Groundwater in Waste Dumps and its Effect on Stability

Key researchers: Stephen Fityus, John Simmons, Olivier Buzzi


Groundwater conditions in mine waste dumps are critical to dump stability but they are poorly understood. Mine waste dumps are amongst the largest of all man-made structures, so efficient and reliable dump design is essential. The objectives of this research are to develop a model for the hydrological characteristics of an advancing waste rock dump in active mines, based on factual evidence and laboratory measurements. The research is collecting detailed observations of the evolution of the water table(s) and adjacent spoil moisture conditions in waste rock dumps and using this data to produce general, high-quality hydrogeological parameter dataset for soils of category 1-1.5 and 2.5 to facilitate detailed hydrogeologic modelling of any specific waste dump.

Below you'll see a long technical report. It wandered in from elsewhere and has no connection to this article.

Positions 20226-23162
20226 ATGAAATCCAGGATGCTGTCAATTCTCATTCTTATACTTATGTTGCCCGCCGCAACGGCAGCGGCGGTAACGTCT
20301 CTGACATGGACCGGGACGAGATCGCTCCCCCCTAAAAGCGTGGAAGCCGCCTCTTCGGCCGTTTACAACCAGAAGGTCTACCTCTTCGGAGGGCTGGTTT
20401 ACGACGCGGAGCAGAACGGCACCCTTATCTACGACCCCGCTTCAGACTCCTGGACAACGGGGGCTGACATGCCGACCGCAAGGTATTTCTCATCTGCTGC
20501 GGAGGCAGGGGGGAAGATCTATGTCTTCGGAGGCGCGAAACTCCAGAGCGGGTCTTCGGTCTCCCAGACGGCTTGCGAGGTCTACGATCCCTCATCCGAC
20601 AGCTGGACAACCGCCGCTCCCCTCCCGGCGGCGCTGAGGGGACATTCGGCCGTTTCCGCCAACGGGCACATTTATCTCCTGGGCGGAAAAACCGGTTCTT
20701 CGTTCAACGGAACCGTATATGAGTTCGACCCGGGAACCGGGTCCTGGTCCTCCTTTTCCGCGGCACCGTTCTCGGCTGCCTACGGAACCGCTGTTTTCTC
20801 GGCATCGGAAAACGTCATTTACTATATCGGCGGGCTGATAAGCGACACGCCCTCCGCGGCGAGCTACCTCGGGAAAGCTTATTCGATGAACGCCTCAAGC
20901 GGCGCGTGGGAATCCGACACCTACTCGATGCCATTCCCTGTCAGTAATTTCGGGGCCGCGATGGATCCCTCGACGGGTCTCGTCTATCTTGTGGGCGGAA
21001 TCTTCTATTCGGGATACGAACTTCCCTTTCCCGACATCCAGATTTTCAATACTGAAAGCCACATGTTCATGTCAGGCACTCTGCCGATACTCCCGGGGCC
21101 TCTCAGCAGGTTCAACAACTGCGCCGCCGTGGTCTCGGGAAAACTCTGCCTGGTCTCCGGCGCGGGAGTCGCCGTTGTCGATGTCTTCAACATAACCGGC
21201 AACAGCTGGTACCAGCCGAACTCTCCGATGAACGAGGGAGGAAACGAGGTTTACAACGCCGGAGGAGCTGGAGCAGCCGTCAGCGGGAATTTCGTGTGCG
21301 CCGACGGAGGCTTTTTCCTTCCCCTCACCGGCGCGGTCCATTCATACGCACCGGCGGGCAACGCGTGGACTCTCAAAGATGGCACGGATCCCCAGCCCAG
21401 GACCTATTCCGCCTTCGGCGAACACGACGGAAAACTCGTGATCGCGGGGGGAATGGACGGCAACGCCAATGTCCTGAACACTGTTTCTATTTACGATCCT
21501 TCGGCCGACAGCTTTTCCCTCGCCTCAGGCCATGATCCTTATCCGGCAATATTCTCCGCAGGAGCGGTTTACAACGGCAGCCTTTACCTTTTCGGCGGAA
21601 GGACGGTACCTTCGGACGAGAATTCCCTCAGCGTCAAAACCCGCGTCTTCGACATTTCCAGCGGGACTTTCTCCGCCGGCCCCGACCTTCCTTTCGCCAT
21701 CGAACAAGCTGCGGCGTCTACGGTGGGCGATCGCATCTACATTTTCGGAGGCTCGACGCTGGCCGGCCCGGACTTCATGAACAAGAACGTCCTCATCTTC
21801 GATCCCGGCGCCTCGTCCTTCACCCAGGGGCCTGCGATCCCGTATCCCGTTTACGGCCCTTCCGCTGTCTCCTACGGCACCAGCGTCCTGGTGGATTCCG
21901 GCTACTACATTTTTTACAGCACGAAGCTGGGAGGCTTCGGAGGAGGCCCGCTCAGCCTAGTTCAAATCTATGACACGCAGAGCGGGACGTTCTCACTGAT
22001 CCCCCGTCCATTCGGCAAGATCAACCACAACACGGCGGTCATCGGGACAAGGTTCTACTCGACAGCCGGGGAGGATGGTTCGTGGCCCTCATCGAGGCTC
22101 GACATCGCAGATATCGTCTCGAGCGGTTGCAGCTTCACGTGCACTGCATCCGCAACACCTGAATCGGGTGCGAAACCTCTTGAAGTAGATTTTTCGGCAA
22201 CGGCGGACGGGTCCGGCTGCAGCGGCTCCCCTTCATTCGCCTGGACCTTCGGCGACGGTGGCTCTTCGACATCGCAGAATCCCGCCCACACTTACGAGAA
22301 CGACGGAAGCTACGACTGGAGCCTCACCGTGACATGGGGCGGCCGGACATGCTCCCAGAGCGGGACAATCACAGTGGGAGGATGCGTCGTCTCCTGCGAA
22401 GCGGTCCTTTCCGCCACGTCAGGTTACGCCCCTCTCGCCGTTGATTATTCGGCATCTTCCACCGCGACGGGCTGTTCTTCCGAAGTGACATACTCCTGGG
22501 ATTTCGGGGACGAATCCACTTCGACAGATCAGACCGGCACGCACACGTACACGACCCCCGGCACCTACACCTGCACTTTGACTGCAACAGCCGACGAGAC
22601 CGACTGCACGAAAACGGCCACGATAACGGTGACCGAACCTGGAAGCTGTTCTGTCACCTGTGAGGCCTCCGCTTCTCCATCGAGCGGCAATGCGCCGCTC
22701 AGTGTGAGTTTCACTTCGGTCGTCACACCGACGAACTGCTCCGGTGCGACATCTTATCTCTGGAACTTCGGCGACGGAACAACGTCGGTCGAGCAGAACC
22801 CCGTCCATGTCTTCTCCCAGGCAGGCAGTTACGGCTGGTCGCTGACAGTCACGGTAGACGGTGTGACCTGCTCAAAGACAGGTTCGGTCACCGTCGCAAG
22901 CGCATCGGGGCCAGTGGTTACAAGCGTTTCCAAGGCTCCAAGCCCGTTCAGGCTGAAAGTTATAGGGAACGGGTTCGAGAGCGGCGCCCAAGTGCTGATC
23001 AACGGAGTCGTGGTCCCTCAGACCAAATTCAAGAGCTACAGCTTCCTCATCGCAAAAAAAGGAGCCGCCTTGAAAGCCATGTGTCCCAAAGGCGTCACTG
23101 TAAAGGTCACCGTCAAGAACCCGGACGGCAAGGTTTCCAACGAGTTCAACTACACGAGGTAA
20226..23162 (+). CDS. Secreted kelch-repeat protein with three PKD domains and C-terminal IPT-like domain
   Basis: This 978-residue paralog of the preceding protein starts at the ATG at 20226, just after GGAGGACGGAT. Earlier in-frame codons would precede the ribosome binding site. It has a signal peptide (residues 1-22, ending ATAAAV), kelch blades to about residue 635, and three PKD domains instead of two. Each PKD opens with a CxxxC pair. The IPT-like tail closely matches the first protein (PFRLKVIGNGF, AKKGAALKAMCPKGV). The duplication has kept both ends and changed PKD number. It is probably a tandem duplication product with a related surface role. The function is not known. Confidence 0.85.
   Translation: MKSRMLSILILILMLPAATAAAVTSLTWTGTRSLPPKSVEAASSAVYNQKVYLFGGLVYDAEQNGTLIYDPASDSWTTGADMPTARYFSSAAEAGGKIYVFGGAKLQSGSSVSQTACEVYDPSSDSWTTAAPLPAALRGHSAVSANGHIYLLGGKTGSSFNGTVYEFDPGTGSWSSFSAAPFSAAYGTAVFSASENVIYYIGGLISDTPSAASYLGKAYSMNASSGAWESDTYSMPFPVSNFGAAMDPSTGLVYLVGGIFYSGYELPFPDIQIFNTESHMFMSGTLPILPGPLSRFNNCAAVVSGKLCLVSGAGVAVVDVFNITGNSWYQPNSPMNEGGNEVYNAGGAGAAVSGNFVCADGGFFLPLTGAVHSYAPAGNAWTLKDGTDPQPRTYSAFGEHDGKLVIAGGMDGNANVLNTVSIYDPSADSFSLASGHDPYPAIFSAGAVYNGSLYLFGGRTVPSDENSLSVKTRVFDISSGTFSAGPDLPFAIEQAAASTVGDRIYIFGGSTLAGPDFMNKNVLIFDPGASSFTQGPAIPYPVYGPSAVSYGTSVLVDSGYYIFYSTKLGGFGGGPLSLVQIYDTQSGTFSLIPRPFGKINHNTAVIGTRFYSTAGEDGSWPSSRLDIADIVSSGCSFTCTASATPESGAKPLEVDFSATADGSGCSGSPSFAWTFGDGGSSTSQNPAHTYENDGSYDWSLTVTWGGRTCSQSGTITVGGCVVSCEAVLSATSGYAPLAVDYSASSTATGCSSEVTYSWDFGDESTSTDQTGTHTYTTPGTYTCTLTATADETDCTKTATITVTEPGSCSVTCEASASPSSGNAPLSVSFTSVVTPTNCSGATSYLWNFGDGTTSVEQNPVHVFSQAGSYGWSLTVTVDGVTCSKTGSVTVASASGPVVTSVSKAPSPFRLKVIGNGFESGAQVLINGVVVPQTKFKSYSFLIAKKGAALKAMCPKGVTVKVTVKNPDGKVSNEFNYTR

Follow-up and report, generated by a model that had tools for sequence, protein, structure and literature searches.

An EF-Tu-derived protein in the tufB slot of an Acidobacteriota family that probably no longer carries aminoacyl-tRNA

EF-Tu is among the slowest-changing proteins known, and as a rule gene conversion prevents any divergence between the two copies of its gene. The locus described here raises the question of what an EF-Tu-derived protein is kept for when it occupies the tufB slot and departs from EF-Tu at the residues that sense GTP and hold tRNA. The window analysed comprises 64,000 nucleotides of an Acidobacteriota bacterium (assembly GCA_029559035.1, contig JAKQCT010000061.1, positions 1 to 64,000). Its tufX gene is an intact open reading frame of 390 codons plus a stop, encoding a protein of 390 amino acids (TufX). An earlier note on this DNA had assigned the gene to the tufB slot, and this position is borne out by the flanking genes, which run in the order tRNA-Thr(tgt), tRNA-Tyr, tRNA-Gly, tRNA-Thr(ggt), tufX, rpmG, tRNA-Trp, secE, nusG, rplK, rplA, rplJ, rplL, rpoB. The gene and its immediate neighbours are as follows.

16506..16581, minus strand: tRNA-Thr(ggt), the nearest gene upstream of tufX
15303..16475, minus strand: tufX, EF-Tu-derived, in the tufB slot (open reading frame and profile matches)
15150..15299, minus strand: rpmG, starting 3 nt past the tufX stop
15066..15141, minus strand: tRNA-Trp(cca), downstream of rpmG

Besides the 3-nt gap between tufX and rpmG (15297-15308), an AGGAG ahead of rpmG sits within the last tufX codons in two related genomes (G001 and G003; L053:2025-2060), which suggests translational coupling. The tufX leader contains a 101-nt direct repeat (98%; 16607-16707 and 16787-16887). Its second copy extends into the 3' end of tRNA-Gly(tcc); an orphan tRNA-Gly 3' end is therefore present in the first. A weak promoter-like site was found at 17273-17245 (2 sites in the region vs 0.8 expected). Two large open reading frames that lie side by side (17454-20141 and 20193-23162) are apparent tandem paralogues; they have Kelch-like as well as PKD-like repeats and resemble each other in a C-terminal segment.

Associated with this research, the effect of moisture and stress on the texture of buried waste rock is also being studied, to inform the characterisation and evolution of the hydraulic properties of these materials.


  • Directly measured data from waste dumps
  • Interpretation of conditions from geophysical logs
  • Hydraulic testing of artificially consolidated waste rock samples
  • Textural analysis of artificially and naturally consolidated waste rocks
  • Development of calibrated waste dump hydrology models


  • Waste rock dump design
  • Final landform stability assessment
  • Water budget and quality assessment for active and abandoned mines

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The University of Newcastle acknowledges the traditional custodians of the lands within our footprint areas: Awabakal, Darkinjung, Biripai, Worimi, Wonnarua, and Eora Nations. We also pay respect to the wisdom of our Elders past and present.